Pat Bishop with Desperadoes

Brilliant steelband composers / arrangers emerged such as Len "Boogsie" Sharpe, Robert Greenidge, Clive Bradley, Leon "Smooth" Edwards, Jit Samaroo, Pellum Godard, Ray Hollman, Yohan Popwell and Professor Ken Philmore as well as classical arrangers / conductors such as Pat Bishop, Anthony Prospect, Jerry Jemmot and Dawn Batson.


All Stars' Panyard

In the early days of tamboo bamboo the panyard was known as the jamette yard where stick-fighting, dice throwing, card games, and the sale of housewares took place. A shady tree provided the only decor needed. Today the panyard has become more of a community show place such as Exodus's Pan Theatre which also hosts theatrical performances, night cricket, and the first Pan Ramajay (mini Panorama consisting of pansides of no more than 10 players). Other examples are the Desperadoes' Community Center and Renegades' concert yard.


Every village in Trinidad and Tobago has a steelband with its own panyard which is a world of its own, a community for pan and a place of love, devotion, and sharing, whether it's a piece of music, a bite of food, or a dollar. Here the panman makes contact not only with his friends and other pan players, but more importantly, he overcomes his fears and anxieties as he develops the skills and techniques that allow him to find and arouse the joyous heart of the pan. "For the pan player who finds himself on the path to musical excellence, the experience is like spiritual enlightenment."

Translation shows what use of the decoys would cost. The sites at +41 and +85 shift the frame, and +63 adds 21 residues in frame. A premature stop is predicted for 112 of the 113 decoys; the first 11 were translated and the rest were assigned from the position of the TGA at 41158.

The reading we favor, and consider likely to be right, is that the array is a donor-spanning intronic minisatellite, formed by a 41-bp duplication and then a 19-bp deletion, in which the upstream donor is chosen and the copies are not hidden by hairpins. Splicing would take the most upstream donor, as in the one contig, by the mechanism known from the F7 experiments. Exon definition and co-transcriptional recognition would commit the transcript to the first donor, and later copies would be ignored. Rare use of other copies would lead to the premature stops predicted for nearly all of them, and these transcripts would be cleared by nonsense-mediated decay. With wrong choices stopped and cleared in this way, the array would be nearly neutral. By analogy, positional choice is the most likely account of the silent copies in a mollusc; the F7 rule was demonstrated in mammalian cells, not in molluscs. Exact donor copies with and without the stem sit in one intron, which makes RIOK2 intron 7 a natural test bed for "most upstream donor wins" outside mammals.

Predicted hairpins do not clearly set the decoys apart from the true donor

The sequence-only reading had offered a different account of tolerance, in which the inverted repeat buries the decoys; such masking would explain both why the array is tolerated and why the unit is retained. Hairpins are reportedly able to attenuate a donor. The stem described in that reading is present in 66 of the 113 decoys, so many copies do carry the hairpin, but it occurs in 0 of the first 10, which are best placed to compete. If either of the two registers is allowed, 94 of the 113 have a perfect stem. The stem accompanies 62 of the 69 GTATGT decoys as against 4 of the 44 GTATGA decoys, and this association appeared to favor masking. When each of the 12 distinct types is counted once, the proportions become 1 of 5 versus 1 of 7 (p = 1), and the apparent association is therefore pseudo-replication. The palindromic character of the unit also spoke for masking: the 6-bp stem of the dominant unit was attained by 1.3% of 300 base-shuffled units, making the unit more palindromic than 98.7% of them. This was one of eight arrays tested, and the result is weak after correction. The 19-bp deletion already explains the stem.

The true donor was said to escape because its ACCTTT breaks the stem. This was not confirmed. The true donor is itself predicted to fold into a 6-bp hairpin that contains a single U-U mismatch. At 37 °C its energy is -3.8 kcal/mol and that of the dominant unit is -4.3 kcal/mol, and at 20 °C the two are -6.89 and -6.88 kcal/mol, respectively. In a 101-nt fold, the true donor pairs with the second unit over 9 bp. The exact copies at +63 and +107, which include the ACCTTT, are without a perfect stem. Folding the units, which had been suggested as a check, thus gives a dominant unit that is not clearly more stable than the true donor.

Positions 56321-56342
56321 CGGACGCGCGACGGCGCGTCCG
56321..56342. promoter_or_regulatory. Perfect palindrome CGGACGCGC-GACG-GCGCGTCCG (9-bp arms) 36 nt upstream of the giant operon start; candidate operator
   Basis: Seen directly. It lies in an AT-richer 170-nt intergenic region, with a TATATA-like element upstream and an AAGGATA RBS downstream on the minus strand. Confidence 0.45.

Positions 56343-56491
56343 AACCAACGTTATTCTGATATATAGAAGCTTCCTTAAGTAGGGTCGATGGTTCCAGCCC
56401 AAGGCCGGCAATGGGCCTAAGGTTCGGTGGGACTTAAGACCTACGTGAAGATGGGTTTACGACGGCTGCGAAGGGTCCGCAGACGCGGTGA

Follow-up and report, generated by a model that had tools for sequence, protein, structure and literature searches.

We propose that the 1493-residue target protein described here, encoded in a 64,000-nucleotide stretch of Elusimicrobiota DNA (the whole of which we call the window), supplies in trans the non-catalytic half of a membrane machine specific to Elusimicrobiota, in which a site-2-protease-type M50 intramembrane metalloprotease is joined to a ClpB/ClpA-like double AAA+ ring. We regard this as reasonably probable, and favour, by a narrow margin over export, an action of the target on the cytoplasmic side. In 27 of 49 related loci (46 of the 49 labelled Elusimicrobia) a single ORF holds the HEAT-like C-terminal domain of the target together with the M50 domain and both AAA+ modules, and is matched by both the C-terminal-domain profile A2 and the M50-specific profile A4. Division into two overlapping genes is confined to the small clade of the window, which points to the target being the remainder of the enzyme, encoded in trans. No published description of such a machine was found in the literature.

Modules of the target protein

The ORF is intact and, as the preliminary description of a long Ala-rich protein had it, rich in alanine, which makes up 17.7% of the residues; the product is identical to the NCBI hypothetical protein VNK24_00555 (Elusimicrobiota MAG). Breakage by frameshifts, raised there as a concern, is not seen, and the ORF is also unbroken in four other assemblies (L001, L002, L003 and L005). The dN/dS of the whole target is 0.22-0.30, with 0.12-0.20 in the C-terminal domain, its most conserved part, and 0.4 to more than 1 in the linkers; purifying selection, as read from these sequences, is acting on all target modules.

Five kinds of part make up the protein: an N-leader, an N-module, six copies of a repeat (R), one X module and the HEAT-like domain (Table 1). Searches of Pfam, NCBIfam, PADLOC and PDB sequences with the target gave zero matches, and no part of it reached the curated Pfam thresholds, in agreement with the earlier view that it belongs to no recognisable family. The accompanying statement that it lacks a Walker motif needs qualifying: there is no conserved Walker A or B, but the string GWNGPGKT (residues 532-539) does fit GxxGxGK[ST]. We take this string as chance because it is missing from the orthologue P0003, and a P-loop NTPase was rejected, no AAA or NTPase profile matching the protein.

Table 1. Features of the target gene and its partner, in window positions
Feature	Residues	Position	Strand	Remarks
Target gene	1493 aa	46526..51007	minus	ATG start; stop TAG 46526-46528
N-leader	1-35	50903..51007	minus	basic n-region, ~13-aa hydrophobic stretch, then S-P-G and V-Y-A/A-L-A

Renegades' Panyard

Blue Diamonds' Panyard

The panyard is a place for safe-keeping of the pans, a meeting place where pan enthusiasts, pan tuners, arrangers, and music teachers meet for the purpose of planning the strategy for winning the Panorama competition championship on the Saturday before Carnival. Today the bands are disciplined, and their business management decides how to use the bands' resources. The panyard is analogous to a football club and provides the common ground for group solidarity and the binding of its members into a strong union that makes for greater efficiency in the realization of shared goals.

Besides pan, the community plays sports and has a center for culture in the panyard. There you can tap the grassroots resources of a community. During Carnival season the panyards are social gathering places for the local community to hear their band practice for Panorama and support them on the road to victory. People from all over town, including foreign tourists, visit the panyards to enjoy the music, pick their choice to win Panorama, and to party, as there is always refreshment and a snack.